The Pickens Plan

Thanks for all the help from Inkstain readers – here, in private conversations and over on my Journal blog. My story on the Pickens plan is up. It’s by no means comprehensive, and I decided to zero in on two issues.

The need for transmission capacity to take advantage of wind resources. This is an issue of significant local interest here in New Mexico, and is one you’re likely to hear a lot about in coming years:

[T]he problem of wind in Eastern New Mexico offers a useful case study in the gap between available U.S. wind resources and our ability to use them.
Utility company PNM has a major transmission line running from the state’s east side into the Albuquerque metro area that is big enough to carry a rapidly growing base of wind generation being used to meet local needs.
But to export wind power would require far larger power lines, said Greg Miller, who manages PNM’s transmission system.
Developers have proposed far more wind power in eastern New Mexico than the current power lines could carry, Miller said.

The problem of scale associated with Pickens’ idea that we can shift natural gas to vehicles:

Kammen adds a common criticism of Pickens’ idea: that the second part of the Pickens Plan — shifting to natural gas to fuel our cars — is unrealistic without a large-scale natural gas vehicle fueling infrastructure in place.
Far more likely, said Kammen and others, is putting wind-generated electricity directly into our cars, in the form of battery-charged plug-in hybrids likely to begin appearing in the U.S. auto market in the next few years.
“The infrastructure costs are very high for natural gas fueling of cars,” Kammen said. Rather than building a new, large-scale natural gas infrastructure to fuel up cars, we should piggyback on the existing consumer electric grid to fuel our cars.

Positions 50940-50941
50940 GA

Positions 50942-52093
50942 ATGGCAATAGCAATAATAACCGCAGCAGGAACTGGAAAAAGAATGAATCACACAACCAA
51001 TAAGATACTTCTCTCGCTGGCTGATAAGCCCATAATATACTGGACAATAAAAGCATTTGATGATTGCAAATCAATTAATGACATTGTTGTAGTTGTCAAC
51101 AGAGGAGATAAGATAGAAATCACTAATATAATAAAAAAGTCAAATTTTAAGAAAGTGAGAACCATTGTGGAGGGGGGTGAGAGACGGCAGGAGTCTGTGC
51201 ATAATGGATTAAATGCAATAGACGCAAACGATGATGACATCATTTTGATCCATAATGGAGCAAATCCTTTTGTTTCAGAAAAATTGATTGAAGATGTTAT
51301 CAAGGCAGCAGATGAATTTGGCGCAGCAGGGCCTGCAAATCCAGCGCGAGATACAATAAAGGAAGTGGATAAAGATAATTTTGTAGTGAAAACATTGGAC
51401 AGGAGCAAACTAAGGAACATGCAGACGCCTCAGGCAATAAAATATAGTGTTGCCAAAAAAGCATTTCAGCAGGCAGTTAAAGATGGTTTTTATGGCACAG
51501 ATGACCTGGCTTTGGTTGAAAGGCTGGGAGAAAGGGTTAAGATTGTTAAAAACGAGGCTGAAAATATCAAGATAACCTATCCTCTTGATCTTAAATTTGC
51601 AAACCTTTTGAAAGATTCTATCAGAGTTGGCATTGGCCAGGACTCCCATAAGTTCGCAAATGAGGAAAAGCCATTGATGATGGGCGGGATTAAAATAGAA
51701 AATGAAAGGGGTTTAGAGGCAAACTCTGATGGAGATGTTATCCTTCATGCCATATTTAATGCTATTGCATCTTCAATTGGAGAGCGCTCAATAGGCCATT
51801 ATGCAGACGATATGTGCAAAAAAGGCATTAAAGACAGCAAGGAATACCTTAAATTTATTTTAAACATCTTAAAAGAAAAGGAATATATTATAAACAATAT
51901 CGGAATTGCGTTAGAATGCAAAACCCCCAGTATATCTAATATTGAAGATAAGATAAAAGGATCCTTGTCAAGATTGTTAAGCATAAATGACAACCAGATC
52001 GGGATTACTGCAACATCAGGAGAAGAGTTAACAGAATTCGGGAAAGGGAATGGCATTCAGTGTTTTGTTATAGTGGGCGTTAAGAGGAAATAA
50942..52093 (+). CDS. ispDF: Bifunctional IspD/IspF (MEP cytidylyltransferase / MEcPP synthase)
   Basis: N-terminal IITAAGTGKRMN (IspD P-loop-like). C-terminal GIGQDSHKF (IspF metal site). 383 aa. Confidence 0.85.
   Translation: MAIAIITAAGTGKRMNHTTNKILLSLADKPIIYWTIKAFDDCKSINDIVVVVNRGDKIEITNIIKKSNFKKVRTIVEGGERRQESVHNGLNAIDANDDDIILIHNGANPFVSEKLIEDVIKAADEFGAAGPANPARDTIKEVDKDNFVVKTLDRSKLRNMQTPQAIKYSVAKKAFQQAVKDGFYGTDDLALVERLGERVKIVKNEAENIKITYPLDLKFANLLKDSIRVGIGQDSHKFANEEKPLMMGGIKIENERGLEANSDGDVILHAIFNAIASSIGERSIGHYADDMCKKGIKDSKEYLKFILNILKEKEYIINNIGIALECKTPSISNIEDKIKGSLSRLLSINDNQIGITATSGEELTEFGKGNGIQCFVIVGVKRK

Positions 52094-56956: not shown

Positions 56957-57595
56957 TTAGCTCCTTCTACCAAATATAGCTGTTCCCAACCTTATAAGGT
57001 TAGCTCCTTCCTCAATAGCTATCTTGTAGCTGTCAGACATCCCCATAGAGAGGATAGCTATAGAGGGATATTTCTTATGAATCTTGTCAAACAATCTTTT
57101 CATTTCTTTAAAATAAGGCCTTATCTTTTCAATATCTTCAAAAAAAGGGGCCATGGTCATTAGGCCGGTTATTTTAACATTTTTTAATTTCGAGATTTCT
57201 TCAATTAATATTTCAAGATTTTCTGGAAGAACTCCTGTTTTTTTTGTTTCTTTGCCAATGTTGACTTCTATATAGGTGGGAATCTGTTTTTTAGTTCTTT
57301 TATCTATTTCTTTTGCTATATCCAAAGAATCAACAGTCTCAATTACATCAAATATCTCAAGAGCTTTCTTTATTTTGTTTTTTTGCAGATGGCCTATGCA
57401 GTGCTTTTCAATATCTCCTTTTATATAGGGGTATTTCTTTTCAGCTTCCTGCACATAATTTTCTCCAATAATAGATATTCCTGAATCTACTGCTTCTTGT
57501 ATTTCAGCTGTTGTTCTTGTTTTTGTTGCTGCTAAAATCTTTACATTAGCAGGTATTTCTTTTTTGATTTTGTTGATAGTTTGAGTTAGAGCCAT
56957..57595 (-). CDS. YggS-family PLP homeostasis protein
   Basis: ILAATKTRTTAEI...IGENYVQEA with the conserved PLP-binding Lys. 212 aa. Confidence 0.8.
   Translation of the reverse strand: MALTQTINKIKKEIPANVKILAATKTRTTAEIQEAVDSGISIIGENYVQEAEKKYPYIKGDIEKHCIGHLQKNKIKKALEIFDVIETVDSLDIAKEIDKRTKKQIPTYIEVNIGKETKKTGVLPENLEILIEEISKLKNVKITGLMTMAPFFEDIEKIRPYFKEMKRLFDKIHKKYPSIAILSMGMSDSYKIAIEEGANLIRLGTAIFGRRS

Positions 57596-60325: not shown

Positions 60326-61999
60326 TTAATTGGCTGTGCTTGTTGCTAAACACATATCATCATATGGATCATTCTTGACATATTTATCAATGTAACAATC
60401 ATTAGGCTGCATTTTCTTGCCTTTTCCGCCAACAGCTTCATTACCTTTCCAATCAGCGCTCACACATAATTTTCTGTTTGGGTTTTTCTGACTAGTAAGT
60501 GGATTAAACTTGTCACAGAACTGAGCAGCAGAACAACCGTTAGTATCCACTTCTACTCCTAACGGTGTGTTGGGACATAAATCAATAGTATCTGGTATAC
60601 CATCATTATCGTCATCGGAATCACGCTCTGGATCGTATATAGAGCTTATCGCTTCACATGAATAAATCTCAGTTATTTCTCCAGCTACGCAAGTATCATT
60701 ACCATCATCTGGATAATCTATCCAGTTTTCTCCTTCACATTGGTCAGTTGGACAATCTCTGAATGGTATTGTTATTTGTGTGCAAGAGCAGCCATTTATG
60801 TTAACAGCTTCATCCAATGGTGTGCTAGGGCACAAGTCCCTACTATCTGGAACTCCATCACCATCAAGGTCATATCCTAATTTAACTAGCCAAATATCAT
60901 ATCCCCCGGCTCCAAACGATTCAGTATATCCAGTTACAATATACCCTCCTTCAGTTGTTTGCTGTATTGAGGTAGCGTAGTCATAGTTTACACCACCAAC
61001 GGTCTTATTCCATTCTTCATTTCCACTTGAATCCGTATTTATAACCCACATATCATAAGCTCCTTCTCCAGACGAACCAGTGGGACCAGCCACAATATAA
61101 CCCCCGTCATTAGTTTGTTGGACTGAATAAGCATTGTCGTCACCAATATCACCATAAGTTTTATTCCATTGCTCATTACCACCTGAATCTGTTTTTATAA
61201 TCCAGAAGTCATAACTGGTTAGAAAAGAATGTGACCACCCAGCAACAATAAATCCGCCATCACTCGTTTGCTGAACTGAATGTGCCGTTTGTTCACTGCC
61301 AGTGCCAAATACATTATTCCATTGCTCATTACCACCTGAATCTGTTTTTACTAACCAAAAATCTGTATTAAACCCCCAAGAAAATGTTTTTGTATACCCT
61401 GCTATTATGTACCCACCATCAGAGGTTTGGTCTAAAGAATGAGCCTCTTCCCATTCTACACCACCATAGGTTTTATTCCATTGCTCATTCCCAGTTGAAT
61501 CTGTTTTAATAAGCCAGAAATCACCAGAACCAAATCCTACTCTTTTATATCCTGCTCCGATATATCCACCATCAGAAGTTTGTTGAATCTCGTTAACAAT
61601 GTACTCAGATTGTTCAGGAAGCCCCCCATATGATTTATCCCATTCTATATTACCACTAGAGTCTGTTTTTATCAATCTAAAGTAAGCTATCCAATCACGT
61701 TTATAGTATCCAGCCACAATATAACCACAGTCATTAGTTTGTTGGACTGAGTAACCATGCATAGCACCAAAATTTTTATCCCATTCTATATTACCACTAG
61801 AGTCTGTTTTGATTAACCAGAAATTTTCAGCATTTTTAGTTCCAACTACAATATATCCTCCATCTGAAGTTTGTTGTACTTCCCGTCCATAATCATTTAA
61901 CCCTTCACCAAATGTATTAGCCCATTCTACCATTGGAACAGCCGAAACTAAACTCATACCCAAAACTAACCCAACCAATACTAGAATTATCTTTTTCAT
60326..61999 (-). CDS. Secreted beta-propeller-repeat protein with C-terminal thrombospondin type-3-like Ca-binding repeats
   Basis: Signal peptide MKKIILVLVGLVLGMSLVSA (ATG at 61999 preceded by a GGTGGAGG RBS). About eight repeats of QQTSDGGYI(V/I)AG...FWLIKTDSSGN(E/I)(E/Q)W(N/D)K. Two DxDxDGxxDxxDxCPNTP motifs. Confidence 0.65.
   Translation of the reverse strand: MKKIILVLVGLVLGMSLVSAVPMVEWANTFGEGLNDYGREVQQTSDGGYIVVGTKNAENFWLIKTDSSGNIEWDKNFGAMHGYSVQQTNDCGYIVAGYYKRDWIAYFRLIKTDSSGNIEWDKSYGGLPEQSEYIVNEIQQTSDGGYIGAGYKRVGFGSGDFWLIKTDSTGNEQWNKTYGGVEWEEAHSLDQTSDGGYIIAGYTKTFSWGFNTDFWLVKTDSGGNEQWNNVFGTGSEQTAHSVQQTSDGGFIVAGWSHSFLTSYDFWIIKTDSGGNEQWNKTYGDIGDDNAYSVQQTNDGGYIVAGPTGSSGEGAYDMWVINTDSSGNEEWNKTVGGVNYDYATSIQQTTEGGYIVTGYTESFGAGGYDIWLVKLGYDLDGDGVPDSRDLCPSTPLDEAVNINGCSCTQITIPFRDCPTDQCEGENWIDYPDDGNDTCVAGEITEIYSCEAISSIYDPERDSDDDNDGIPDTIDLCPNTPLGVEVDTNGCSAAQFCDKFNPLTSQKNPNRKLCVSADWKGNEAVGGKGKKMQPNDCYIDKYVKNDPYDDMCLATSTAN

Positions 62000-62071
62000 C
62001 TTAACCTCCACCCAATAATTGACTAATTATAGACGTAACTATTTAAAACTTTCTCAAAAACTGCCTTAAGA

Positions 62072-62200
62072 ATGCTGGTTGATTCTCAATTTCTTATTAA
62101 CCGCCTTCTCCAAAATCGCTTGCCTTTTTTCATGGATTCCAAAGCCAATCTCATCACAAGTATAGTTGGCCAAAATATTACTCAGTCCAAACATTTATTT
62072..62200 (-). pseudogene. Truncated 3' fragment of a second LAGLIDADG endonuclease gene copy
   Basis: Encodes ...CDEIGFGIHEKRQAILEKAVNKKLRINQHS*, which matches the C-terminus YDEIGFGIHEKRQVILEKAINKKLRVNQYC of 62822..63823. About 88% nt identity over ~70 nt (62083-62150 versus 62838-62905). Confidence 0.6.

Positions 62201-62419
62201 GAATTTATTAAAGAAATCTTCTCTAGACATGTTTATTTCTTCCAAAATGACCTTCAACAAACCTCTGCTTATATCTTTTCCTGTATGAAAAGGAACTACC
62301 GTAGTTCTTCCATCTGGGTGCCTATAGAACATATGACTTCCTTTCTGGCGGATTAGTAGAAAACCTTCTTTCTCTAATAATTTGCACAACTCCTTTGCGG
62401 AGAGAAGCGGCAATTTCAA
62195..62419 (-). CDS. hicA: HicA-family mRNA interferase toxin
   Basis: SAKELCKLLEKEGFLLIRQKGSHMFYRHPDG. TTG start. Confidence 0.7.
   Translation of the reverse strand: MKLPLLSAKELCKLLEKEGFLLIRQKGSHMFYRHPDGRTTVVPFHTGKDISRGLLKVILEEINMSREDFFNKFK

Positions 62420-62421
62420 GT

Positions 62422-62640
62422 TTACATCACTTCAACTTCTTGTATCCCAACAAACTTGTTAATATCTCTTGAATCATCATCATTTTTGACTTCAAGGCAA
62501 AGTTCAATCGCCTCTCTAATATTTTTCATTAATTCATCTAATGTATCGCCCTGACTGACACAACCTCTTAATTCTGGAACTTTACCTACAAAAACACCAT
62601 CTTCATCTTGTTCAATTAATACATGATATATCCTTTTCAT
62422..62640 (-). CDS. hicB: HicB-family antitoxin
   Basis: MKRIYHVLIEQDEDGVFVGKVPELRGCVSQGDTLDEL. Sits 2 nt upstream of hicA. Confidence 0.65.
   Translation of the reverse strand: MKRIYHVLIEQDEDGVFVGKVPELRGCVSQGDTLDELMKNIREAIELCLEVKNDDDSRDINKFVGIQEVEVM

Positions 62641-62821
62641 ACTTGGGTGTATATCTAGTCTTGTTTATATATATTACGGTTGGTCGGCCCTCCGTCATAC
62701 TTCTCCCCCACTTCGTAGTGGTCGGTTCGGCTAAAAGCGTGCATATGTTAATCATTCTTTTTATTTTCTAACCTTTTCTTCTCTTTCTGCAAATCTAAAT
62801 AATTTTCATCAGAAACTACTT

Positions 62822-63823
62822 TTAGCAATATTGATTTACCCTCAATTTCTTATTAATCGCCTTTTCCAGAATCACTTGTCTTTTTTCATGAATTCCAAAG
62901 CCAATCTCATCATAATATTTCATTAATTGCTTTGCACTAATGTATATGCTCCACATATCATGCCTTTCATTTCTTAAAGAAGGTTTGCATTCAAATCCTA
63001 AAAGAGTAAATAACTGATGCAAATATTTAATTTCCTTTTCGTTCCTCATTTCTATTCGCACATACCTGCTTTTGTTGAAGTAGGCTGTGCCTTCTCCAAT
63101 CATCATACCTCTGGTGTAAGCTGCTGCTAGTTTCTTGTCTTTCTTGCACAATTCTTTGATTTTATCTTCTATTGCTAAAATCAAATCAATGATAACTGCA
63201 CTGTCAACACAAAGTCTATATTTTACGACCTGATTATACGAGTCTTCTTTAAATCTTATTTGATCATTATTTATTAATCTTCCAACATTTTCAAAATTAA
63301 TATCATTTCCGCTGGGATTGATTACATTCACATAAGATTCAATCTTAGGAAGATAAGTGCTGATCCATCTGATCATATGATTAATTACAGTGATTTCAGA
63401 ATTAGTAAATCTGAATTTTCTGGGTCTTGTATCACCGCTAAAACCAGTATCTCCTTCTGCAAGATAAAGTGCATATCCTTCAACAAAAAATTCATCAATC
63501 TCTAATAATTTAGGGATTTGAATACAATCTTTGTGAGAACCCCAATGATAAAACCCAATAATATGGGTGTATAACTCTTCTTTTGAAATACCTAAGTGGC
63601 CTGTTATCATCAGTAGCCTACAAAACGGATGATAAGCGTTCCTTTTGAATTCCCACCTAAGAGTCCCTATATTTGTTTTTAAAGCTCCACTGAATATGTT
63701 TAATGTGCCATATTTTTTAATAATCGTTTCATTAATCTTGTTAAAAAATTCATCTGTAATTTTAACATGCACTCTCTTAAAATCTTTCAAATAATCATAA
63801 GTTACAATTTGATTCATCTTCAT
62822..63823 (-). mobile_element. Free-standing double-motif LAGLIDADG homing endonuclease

This has been a near universal criticism I’ve heard from the people who do large scale energy systems analysis. More over on the work blog on that point.


  1. Good article.

    I’m curious, though. Why don’t we hear about problems with transmission lines for other new power plants? For instance, the planned Desert Rock coal-fired power plant near Farmington would supply electricity to places like Las Vegas, not to Shiprock. Are the existing transmission lines (from the other two coal-fired plants) enough? (And weren’t transmission lines necessary when the other two plants, or the plant in Page, Arizona, were built? Or when the big dams on the Colorado or the Columbia were built?) Is the problem that wind power would be generated over a wider area – that there isn’t one concentrated power station? Or is it a problem of time – that it would be difficult to build all those transmission lines quickly?

  2. Kim –

    Good question. I don’t have a publication-quality answer, but I’ll run one down for you. I *think* that the siting decision for Desert Rock is based in part on its proximity to the existing power lines. This is very much like the first few major NM wind farms, and a few more than are in the pipeline, which are built in proximity to existing power lines, which do have the necessary capacity. The better analogy might be the hypothetical next coal plant *after* Desert Rock.

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